JSW 4-24-2017- Response 5-10-2017

Feel free to jump in and tackle the prompt yourself. Please keep your posts under 300 words and clean. If you link back to this post, I will re-blog your post to my site.



I am too sober for this.

I am too sober for anything.

I am too sober to live.

I am too sober to die.

I am.


I dislike disclaimers, but I feel I need one for this post.  I tried and tried and tried to write my normal story for this prompt but, the above is all that would come and will come. A character somewhere is in deep pain. I hope he/she will eventually come to tell her/his story.



Sunday Photo Fiction 3-19-2017 (for Week of 3-12-2017)

Each week a photo is used, donated by one of the participants of Sunday Photo Fiction, and the idea is to write a story with the photo as a prompt in around 200 words.

“So this,” she said, “is the reason we skipped school, drove half way to nowhere before your car RAN out of gas,” said in the way only irate girlfriends knew to speak, “walked the rest of the way, paid the last of MY money to see some dumb-ass exhibit with a dumb-ass model dressed as an astronaut.”

Somehow, I’d known she was going to react that way. We’d be having one of ‘those’ conversations real soon.

“It’s not just an astronaut.”

“Yeah. It’s a dumb-ass fake astronaut in front of a dumb-ass landing something.”

“Module. A landing module”

She snorted and walked away, pulling out her phone to call friends for a ride. She didn’t ask if I wanted to tag-along.

Stepping over the railing, I slipped inside the open back of the space suit, feeling it close around me like a glove. My radio crackled to life.

“That’s one small step for man, one giant leap for mankind.”




The challenge for Flash Fiction for the Purposeful Practitioner will open early Wednesday morning, February 22nd. Allow the prompt to take you anywhere you want to go! (Limit your stories to 200 words.)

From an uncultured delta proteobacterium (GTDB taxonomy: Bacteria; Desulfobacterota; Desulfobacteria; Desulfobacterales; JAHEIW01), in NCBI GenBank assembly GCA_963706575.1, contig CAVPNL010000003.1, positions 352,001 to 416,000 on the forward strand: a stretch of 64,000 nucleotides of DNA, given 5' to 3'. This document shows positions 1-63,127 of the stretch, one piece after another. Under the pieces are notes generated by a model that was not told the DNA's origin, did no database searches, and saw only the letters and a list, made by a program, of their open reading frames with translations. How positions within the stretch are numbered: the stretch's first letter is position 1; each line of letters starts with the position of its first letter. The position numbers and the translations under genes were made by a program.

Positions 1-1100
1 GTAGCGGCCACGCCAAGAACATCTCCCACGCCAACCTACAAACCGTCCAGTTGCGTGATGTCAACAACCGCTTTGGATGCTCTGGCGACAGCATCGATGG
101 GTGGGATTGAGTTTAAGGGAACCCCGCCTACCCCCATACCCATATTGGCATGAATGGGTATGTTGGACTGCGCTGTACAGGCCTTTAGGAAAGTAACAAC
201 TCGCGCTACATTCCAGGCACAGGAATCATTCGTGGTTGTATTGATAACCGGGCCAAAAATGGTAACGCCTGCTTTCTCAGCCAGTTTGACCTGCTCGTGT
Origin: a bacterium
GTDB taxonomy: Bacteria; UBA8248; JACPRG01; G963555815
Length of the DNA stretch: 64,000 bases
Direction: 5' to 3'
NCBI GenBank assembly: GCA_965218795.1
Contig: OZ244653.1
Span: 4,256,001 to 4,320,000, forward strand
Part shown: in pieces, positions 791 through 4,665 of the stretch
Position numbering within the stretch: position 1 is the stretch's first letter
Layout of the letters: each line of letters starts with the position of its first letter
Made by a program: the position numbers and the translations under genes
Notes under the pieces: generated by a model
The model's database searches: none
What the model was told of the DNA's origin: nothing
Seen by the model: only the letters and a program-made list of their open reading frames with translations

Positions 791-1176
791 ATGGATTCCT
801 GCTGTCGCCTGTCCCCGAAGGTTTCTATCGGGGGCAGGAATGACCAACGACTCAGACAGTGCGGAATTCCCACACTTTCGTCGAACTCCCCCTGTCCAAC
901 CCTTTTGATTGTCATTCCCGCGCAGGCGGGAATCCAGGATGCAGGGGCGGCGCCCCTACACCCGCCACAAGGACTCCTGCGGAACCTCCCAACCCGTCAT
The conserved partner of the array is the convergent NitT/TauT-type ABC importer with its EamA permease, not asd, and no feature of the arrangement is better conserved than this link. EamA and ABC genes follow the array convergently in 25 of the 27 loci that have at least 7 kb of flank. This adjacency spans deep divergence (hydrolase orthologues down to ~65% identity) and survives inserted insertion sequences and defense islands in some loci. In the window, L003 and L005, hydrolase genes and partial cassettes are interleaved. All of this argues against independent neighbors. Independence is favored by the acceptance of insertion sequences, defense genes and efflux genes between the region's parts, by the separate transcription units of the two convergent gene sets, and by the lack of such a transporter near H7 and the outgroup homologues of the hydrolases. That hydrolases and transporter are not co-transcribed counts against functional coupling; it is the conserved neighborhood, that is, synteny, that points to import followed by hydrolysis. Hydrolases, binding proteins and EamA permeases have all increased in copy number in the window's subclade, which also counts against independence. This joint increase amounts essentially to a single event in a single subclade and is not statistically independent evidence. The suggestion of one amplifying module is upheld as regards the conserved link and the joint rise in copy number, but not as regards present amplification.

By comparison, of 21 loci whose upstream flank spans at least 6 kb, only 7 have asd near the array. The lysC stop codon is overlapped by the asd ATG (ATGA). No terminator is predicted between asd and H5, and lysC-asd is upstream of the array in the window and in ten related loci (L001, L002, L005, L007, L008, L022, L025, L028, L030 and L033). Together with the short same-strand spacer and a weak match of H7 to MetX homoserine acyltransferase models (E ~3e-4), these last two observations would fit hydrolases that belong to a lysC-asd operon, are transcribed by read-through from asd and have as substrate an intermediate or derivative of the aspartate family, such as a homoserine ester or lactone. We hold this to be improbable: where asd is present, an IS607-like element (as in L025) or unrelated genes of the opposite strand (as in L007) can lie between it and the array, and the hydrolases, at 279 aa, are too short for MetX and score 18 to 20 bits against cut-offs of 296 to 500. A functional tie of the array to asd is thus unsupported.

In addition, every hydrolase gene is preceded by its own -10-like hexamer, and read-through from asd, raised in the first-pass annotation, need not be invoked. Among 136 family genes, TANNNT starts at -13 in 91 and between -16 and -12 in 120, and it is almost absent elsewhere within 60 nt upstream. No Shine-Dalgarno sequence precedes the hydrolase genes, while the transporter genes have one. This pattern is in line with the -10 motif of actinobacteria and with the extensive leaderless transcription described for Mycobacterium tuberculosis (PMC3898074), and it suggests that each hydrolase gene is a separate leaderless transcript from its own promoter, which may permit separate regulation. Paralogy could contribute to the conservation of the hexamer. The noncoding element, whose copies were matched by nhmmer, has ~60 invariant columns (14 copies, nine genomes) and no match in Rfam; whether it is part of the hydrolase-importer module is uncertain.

This challenge is open until 11:00 pm Friday night, March 3rd, 2017.


The emptiness slashed against the sharp edges of his soul, leaving him raw and bleeding inside. The rows of abandoned parking spaces ran endlessly on, he imagined, to the end of the world. Where had they gone, those mothers and sisters and daughters who once flocked to this empty expanse of asphalt and the abandoned mall beyond?

“Gone,” he said aloud to nobody. “Gone.” As if repeating the word made it not so. Not so lonely; not so abandoned; not so empty. How was it they all disappeared yet the parking lot remained, flat and even and new?

He’d seen nobody since emerging from the shelter. No living being. No bodies. Nothing but empty expanses and abandoned buildings.

Was he the last man on earth? Was this a dream? It felt too real to be a dream. Too empty to be a dream.

He moved towards the abandoned mall. Stealing hurt, but he needed to survive. Was it theft if nobody else was alive? Scavenging, maybe? Maybe not.

Approaching the doors, he saw the hint of a shadow move behind the glass, just a glimpse of motion. Something seen out the corner of one’s eye.

Afraid, he began to run.